Typhoon Hayian: A rallying call for climate change

Typhoon Haiyan made landfall in the Philippines on Sunday, and the death toll is estimated at anywhere near 10 000. While it is impossible to link climate change to the typhoon straight away, the science of climate change predicts that warmer oceans will mean more extreme weather events.

Naderev Sano, the chief negotiator of the Philippines delegation, said their country was the victim of the slow progress on decreasing carbon emissions. "We cannot sit and stay helplessly stare at this international climate stalemate. It is not time to take action. We need an emergency climate pathway."
 
This year’s Congress of the Parties (COP) is the 19th iteration of a process that started with the first Earth Conference in Rio in 1992. It met in Durban two years ago, and its goal is to create a globally-binding agreement around climate change to force countries to lower their carbon emissions. If they do not, global warming will accelerate. 

There are few expectations from this meeting – the path started in Durban aims to have an agreement by 2015, which is to start in 2020. Everyone has signed up in principle, but the next two meetings are there to thrash out the details of how this will be achieved and financed. 

'Too slow'
But with the unfolding disaster, the Philippines delegation said this process was too slow. Haiyan made landfall at Sano's hometown. "I struggle to find words to describe how I feel about the losses and damages we have suffered from this cataclysm," he said. The disaster is the costliest in the country's history, and is the strongest typhoon to have made landfall in recorded history. 

And while the country knew it was coming, it overwhelmed all preparations. "It was just a force too powerful. It was like nothing we have ever experienced before, or perhaps nothing that any country has ever experienced before."

He had strong words for those that deny that climate change is happening, and is being driven by human beings. "I dare them to get out of their ivory towers and away from the comfort of their armchairs. I dare them to go to the islands of the Pacific, the islands of the Caribbean and the islands of the Indian Ocean and see the impacts of rising sea levels."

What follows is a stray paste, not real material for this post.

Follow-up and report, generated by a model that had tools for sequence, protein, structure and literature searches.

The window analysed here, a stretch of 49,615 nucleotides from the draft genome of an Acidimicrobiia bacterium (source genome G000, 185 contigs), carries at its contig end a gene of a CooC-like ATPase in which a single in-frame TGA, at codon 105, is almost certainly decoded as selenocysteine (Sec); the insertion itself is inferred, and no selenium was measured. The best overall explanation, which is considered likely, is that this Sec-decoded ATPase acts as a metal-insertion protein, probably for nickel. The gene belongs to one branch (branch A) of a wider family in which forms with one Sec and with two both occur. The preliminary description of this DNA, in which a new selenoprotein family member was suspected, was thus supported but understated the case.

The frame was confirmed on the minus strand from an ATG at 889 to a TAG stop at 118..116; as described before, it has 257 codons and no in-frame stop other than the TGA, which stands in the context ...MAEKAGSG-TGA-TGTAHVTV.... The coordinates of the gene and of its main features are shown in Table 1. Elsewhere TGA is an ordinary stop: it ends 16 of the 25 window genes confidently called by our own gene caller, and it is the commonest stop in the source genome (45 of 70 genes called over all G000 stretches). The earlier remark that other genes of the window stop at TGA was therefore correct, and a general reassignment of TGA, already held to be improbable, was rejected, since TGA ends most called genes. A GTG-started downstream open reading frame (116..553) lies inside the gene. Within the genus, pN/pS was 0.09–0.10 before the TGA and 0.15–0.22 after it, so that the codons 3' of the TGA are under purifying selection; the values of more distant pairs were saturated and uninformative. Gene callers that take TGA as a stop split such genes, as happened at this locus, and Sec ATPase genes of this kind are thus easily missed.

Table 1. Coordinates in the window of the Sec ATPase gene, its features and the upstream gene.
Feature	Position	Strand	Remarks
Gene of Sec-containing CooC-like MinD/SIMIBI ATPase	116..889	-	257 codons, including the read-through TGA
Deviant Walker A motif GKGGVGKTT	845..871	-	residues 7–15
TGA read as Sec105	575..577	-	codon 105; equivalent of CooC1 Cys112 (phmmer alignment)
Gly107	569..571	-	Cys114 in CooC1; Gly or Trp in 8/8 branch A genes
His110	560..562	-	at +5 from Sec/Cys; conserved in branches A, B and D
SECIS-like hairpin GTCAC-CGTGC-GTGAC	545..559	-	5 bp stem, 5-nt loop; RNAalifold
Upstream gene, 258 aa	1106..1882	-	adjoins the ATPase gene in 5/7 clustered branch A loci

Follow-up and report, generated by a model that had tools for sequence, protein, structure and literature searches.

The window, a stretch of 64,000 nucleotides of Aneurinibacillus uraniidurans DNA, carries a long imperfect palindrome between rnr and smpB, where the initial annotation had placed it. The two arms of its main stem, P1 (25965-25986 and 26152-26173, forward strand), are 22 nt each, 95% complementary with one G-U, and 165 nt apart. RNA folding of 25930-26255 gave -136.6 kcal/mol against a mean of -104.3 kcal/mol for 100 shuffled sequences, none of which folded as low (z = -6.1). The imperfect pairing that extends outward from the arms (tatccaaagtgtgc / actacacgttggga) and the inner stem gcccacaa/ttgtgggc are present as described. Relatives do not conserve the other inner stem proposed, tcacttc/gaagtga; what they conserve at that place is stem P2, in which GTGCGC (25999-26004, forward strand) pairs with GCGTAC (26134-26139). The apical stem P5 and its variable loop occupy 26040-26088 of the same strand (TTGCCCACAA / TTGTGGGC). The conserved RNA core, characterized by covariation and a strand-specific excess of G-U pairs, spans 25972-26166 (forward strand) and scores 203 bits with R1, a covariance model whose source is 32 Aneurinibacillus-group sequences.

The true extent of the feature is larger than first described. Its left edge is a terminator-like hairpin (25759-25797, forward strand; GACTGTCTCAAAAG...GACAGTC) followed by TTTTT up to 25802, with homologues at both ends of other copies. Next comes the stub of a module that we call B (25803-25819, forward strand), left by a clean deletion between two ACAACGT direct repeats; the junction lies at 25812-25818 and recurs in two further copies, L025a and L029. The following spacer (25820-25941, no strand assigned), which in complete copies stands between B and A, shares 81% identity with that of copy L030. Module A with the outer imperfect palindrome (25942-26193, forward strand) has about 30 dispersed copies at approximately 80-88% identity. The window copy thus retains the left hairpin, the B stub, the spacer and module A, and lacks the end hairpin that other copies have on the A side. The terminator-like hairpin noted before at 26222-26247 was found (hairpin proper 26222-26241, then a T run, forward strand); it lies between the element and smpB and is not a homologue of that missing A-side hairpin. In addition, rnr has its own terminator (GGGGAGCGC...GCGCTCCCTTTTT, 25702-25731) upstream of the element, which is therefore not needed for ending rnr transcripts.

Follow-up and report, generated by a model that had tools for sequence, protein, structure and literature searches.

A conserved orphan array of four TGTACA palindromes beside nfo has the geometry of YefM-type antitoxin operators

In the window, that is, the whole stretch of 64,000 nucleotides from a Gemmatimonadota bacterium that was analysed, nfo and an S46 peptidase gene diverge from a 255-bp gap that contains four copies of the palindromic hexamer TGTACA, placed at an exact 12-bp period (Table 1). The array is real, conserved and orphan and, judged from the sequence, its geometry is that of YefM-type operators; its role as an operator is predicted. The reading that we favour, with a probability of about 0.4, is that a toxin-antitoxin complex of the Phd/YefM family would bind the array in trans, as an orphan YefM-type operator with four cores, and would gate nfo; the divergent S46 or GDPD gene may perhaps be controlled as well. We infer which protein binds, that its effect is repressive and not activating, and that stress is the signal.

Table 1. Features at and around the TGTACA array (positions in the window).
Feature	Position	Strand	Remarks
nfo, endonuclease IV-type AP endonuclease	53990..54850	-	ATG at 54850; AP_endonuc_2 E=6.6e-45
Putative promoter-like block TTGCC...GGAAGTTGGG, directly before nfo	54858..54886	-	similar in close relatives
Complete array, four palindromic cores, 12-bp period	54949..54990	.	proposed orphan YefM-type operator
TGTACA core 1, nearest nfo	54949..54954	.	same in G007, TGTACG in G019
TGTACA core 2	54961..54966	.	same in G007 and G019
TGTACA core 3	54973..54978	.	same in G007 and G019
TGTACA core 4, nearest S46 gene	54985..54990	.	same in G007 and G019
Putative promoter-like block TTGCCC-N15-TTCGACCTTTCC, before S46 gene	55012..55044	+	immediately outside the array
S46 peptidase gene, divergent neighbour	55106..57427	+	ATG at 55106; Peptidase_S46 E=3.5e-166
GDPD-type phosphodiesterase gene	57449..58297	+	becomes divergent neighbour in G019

"Typhoons such as Haiyan and its impacts represent a sobering reminder to the international community that we cannot afford to procrastinate on climate action. Warsaw should muster the political will to address climate change, and raise ambition."

Human factor
The recently-released Intergovernmental Panel on Climate Change report, from the body that collates all the known science around climate change, concluded that it was "extremely likely" that humans were driving climate change.

Their emissions of greenhouse gases (mainly carbon dioxide) would change the current pattern of the world's climate systems, and increase the ferocity of extreme weather events. With more energy in the system, thanks to more solar radiation being trapped in the atmosphere, there would be more energy for destructive weather events. 

The science shows that the majority of global warming is going into the oceans. Warmer oceans mean more energy for typhoons, hurricanes and tropical cyclones. This will make them bigger and more ferocious, although the frequency will decrease.   

"What my country is going through as a result of this extreme climate event is madness. The climate madness is madness. We can stop this madness. Right here in Warsaw," said Sano. 

With so little tangible progress at climate negotiations, he called for every country to be ambitious in reducing its carbon emissions, before irreversible climate change became a reality.

"We refuse, as a nation, to accept a future where super typhoons like Haiyan become a fact of life. We refuse to accept that running away from storms, evacuating our families, suffering the devastation and misery, having to count our dead, become a way of life. We simply refuse to."

A report by the UN Environment Programme, released on the eve of the Warsaw meeting, said that current pledges to lower carbon emissions still left the world locked into temperature increases over 1.5°C. The "Emissions Gap Report 2013" said pledges had to be increased to a further 12 gigatonnes of carbon by 2020.   

Local climate change
When it comes to extreme weather events, South Africa can perhaps be considered lucky as there is little chance of the mega-events that kill tens of thousands of people. Climate change is creeping and will have its biggest impact in rainfall and water availability. Most of the country will get drier, with just the north-east getting wetter.

The interior is projected to be up to 6°C warmer by the middle of this century, with the coastal areas 2°C warmer. In the Western Cape, the winter rainfall will fade away, and the deserts of the Northern Cape will head south. 

Nationally, rain will fall more sporadically and in heavier bouts – which is a problem because there are so few dams that it will run away into the sea. South Africa is already the world's 31st driest country and by 2030 demand for water is predicted to exceed supply by 17% – even without climate change.  

Sipho Kings
Sipho is the Mail & Guardian's News Editor. He also does investigative environment journalism.
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